Saturday, September 18, 2010

Database mania

Somehow about every bigger software package nowadays wants to use a full-scale database backend. Just after I kicked amarok out of my box, now I realized that digikam-1.4.0 actually depends on an existing mysql installation. It's nowhere in the documentations (yet?), but in hindsight the CMakeLists.txt in the main directory is pretty explicit in its wishes. Now what is then the point of using an abstraction layer like qt-sql, you say? Well, surprise, there is another bug where the qsqlite plugin just not seems to suffice. Now at runtime. I shared the resulting fishy feeling with the penguins running my chroot compilers nice and quietly in the background. The hair-rising result is that digikam-1.4.0 only starts up if qt-sql supports both sqlite and mysql...


  1. Yeah, it is one of the things that made me search for a digikam replacement. As it occured, it is not an easy thing when you have quite high demands. Currently I'm carefully watching the development of shotwell, which seems to be very promising (I'm speaking of photo management, not editing!),

  2. And it's even more pain if there's an essential core component like Akonadi depending on MySQL.

    What does the average user Joe do, when there's the 5.0 → 5.1 migration of MySQL?
    On the one hand, it sucks just really bad that MySQL itself isn't able to handle the migration.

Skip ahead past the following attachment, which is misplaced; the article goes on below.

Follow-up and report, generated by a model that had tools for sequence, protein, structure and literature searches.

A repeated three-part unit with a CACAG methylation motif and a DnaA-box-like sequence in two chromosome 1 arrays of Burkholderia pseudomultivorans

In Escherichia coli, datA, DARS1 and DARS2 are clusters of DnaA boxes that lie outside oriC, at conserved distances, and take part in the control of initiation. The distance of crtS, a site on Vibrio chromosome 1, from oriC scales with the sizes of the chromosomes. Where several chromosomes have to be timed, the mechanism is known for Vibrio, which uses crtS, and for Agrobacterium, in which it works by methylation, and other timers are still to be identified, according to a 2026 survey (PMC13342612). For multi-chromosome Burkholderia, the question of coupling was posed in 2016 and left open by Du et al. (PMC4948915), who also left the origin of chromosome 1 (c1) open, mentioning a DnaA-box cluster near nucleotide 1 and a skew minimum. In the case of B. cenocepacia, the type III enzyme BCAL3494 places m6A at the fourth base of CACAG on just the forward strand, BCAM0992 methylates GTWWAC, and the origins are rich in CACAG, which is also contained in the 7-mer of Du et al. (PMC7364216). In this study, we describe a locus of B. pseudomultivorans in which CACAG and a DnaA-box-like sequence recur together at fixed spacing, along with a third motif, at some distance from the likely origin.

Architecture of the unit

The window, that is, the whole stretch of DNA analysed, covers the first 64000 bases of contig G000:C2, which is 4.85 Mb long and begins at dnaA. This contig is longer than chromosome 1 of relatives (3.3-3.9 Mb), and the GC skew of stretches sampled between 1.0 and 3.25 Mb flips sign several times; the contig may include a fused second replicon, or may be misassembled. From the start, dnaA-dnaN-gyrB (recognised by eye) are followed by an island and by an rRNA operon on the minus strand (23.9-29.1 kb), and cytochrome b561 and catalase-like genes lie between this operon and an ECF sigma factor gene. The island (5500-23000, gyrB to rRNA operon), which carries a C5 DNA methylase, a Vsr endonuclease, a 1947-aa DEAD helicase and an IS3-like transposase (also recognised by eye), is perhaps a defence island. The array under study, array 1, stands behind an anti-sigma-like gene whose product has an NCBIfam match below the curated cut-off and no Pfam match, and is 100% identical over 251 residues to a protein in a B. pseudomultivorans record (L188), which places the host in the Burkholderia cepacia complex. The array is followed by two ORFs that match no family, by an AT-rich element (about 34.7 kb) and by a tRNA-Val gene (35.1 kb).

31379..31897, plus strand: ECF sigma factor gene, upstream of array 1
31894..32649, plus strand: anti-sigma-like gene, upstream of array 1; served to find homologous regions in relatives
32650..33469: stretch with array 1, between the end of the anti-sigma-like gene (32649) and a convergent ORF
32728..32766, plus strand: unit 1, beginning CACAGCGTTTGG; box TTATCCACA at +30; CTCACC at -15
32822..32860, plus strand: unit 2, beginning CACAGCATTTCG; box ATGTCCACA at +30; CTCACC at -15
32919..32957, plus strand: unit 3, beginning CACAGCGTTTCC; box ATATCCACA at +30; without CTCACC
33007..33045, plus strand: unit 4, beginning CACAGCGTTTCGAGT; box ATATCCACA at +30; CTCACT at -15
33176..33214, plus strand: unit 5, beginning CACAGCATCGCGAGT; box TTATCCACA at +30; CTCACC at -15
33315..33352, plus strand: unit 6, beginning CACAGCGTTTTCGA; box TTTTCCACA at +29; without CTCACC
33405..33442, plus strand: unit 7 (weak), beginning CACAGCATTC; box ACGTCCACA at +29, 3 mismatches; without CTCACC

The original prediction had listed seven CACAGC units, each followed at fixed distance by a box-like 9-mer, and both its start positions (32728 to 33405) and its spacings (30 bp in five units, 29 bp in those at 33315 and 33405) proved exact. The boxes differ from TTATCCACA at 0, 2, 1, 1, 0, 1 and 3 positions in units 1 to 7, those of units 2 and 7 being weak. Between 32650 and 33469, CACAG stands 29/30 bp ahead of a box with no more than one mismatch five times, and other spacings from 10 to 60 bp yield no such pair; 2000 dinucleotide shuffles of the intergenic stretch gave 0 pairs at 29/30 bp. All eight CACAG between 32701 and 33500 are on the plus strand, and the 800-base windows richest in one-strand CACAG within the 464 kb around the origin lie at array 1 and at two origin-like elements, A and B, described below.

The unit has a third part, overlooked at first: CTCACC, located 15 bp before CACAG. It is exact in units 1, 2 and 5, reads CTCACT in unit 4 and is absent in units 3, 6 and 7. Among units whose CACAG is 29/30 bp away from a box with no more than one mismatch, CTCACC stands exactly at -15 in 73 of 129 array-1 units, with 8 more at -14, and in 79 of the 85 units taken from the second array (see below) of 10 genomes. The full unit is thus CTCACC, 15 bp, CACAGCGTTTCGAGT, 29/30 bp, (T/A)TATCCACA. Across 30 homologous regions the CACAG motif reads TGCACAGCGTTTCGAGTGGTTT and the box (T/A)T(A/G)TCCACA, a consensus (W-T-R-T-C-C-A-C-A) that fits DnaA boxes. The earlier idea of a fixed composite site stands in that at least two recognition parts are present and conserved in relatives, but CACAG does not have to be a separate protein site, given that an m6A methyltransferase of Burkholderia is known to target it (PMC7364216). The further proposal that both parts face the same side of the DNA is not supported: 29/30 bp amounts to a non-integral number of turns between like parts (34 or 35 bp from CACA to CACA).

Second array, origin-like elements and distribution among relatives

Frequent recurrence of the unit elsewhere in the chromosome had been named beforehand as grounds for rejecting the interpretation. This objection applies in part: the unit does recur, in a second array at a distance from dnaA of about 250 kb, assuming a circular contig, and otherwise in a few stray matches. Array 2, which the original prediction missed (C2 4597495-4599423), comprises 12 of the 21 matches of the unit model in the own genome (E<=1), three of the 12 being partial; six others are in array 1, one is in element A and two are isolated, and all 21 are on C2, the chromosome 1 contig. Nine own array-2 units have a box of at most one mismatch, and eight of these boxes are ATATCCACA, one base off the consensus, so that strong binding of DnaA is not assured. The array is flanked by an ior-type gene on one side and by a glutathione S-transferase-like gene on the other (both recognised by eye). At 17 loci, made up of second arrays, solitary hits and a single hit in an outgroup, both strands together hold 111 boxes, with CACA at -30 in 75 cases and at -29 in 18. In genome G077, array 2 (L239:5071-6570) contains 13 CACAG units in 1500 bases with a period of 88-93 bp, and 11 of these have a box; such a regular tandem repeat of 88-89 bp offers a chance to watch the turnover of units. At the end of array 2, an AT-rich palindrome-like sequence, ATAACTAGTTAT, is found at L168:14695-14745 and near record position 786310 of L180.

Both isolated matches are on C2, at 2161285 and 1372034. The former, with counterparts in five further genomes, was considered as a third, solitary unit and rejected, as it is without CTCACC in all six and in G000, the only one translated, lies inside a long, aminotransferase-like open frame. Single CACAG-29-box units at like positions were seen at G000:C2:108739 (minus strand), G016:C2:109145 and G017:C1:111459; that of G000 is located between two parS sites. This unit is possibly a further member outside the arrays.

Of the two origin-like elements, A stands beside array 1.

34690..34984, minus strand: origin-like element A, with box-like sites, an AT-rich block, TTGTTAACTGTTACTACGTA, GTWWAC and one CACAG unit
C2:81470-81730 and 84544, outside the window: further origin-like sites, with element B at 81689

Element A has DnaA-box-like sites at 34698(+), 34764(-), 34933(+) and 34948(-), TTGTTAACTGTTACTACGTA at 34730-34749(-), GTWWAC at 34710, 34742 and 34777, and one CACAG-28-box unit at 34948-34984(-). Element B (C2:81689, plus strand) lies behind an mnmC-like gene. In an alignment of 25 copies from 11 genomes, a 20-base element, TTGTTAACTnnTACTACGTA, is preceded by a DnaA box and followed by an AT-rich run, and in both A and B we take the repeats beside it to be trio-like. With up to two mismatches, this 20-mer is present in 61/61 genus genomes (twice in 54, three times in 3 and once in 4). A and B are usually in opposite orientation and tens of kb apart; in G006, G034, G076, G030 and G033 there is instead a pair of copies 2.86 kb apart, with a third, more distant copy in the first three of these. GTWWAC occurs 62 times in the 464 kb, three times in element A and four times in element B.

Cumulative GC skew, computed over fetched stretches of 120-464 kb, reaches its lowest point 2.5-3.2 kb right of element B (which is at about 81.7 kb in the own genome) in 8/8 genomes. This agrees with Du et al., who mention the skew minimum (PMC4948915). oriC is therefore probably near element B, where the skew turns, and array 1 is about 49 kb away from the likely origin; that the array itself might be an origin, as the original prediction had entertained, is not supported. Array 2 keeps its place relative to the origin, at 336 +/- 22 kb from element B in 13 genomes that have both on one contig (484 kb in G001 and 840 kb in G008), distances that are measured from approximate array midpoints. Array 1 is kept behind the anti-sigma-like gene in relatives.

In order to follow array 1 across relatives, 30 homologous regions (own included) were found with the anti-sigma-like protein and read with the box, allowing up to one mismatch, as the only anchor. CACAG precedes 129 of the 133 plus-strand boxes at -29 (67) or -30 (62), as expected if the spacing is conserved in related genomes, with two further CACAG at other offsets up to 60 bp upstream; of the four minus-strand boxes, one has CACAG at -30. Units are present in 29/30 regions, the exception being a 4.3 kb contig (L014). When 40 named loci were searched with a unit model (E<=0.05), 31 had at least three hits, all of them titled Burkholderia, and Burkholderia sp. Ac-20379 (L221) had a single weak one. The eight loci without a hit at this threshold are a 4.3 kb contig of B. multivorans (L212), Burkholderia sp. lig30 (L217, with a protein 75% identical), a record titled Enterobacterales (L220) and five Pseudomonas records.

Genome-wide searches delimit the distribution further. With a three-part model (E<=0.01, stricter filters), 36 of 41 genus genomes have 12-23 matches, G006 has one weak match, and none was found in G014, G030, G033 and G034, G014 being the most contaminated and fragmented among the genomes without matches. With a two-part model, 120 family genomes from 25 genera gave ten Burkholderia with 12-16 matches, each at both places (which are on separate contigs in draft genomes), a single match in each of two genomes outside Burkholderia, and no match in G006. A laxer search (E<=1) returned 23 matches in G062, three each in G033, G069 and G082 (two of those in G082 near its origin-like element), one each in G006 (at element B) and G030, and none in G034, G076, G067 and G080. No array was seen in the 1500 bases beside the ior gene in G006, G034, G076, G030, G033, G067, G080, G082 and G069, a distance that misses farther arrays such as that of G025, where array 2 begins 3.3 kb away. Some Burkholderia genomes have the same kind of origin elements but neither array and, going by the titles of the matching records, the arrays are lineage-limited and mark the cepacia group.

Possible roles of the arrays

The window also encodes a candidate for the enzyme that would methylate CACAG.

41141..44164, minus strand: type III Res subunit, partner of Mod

On the other hand, applications like Akonadi which make use of an database like MySQL should handle all this transparent to keep the user out of sys-admin jobs.

    I really dislike the increasing usage of full blown database backends for all kinds of applications, too.

  3. Requiring full-blown databases wouldn't be so bad if those databases weren't so hard to administer as compared to other packages.

    Each on has it's own list of users and passwords that are completely separate from the system username and passwords and its own access controls.

    Remember when you could create a new shell account on a unix machine and that user would automatically get an email address and a directory on the web server without any additional configuration? Why couldn't the database servers be modified to work the same way?

  4. And what happens if you hate RDBMSs ("broken by design" as I call them!)

    Has Amarok gone full-blown SQL-only now? I did an emerge -C amarok because it blocked a mySQL upgrade (and amarok was configured to use sqlite!)

    I had enough trouble configuring postfix/courier-imap, I don't want to have to configure mySQL for every trifling little app on the system!

    Relational (and mySQL in particular) seem according to these posts to be the Windows of databases - popular because of marketing, broken by design, and a nightmare to administer (along with being massive resource hogs). I won't bother you with the maths, but it's pretty easy to prove - reductio ad self-contradictum - that RDBMSs must be overweight resource hogs incapable of optimisation :-(